The Carson City Mint was a branch of the United States Mint in Carson City, Nevada. It minted silver coins; the mint minted coins in 21 different years. The Carson City Mint was created in 1863 but was not put into operation until 1870, it ran until 1885, went on a hiatus, resumed operations in 1889, after which it ran until 1893, when it closed permanently. It is now Carson City. Built at the peak of the silver boom conveniently near a local silver mine, 50 issues of silver coins and 57 issues of gold coins minted here between 1870 and 1893 bore the "CC" mint mark; the mint was established in Carson City to facilitate minting of silver coins from silver in the Comstock Lode, much as the San Francisco Mint was established to facilitate minting gold coins from the gold of the California gold rush. From 1895 to 1933, the building served as the U. S. Assay Office for gold and silver; the federal government sold the building to the state of Nevada in 1939. Coins struck here Morgan dollars, are rare and command a high premium among collectors.
The building that housed the mint was the first designed by Alfred B. Mullett after he became Supervising Architect of the Department of the Treasury; the construction supervisor was Abraham Curry known as the "Father of Carson City." The simple Renaissance Revival-style stone facade has pairs of round-headed windows and a center portico. It is now the home of the Nevada State Museum. Although the mint has not struck United States coins since 1893, Coin Press No. 1 is still in the building and used to strike commemorative medallions with the "CC" mint mark. The most recent of these are medallions commemorating the 75th anniversary of the museum. Seated Liberty dime Twenty-cent piece Seated Liberty quarter Seated Liberty half dollar Seated Liberty dollar Trade dollar Morgan dollar Note: A Seated Liberty dollar was the first coin to be struck at Carson City. Half eagle or $5.00 gold Eagle or $10.00 gold Double eagle or $20.00 gold Historical United States mints The Dalles Mint Nevada State Museum, Carson City U.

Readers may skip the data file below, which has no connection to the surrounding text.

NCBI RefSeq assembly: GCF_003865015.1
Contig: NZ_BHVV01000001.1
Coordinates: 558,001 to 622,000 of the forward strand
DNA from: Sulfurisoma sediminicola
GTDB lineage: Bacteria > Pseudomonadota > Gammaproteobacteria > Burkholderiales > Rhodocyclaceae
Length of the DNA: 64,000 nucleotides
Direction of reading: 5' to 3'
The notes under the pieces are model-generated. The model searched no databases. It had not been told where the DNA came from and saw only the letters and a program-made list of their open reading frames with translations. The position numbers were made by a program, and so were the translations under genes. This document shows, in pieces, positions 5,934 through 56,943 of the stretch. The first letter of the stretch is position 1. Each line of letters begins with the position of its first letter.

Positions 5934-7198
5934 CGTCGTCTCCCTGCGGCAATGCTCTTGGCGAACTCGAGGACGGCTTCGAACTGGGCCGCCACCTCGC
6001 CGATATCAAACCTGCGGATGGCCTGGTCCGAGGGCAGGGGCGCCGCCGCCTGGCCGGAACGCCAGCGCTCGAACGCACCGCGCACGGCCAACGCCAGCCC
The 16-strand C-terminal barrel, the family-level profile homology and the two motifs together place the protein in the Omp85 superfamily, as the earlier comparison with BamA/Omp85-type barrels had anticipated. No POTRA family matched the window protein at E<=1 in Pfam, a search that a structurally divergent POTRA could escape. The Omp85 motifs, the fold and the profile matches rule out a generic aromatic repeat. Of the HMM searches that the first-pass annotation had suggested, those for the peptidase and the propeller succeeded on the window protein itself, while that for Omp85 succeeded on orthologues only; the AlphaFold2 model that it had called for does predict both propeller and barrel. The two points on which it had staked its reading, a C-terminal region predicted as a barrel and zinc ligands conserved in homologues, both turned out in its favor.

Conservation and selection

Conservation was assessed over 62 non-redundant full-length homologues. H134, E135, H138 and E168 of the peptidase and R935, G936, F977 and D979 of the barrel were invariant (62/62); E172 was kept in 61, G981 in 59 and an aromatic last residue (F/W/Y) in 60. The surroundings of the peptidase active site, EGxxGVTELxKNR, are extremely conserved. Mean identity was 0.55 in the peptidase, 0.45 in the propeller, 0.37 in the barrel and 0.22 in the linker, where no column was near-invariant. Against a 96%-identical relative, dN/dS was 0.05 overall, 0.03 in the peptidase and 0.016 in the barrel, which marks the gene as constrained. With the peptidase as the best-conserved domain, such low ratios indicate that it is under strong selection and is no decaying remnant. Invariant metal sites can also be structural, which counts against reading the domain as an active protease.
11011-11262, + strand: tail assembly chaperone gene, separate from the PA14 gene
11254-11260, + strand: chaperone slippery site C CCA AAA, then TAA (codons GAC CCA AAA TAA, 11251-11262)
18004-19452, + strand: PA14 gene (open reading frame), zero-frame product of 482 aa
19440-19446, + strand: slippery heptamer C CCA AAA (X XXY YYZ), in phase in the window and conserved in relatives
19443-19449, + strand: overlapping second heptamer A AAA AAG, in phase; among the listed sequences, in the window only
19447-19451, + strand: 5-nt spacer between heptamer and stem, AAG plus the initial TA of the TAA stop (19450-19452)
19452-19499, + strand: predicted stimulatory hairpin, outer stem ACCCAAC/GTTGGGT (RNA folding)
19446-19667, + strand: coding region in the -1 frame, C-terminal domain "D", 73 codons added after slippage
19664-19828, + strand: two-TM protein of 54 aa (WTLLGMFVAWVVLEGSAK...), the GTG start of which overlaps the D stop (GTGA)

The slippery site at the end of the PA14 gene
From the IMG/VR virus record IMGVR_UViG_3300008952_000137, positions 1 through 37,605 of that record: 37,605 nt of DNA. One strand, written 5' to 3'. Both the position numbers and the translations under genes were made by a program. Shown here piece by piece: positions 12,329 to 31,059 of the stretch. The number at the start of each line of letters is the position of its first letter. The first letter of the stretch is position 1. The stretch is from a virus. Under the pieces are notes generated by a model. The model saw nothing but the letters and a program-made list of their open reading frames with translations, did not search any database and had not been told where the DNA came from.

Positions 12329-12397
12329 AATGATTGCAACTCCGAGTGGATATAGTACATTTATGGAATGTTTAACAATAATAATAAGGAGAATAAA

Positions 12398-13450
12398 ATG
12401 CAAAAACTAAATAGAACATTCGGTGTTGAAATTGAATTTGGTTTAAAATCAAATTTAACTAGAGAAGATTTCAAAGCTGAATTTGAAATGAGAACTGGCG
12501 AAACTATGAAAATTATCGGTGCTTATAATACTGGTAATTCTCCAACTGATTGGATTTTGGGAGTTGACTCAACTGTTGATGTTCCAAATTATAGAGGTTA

S. Mint Carson City Mint National Archives and Records Administration Historic American Buildings Survey No. NV-13-22, "United States Mint, Carson Street, Carson City, Carson City, NV", 14 photos, 13 data pages
Coinage Act of 1857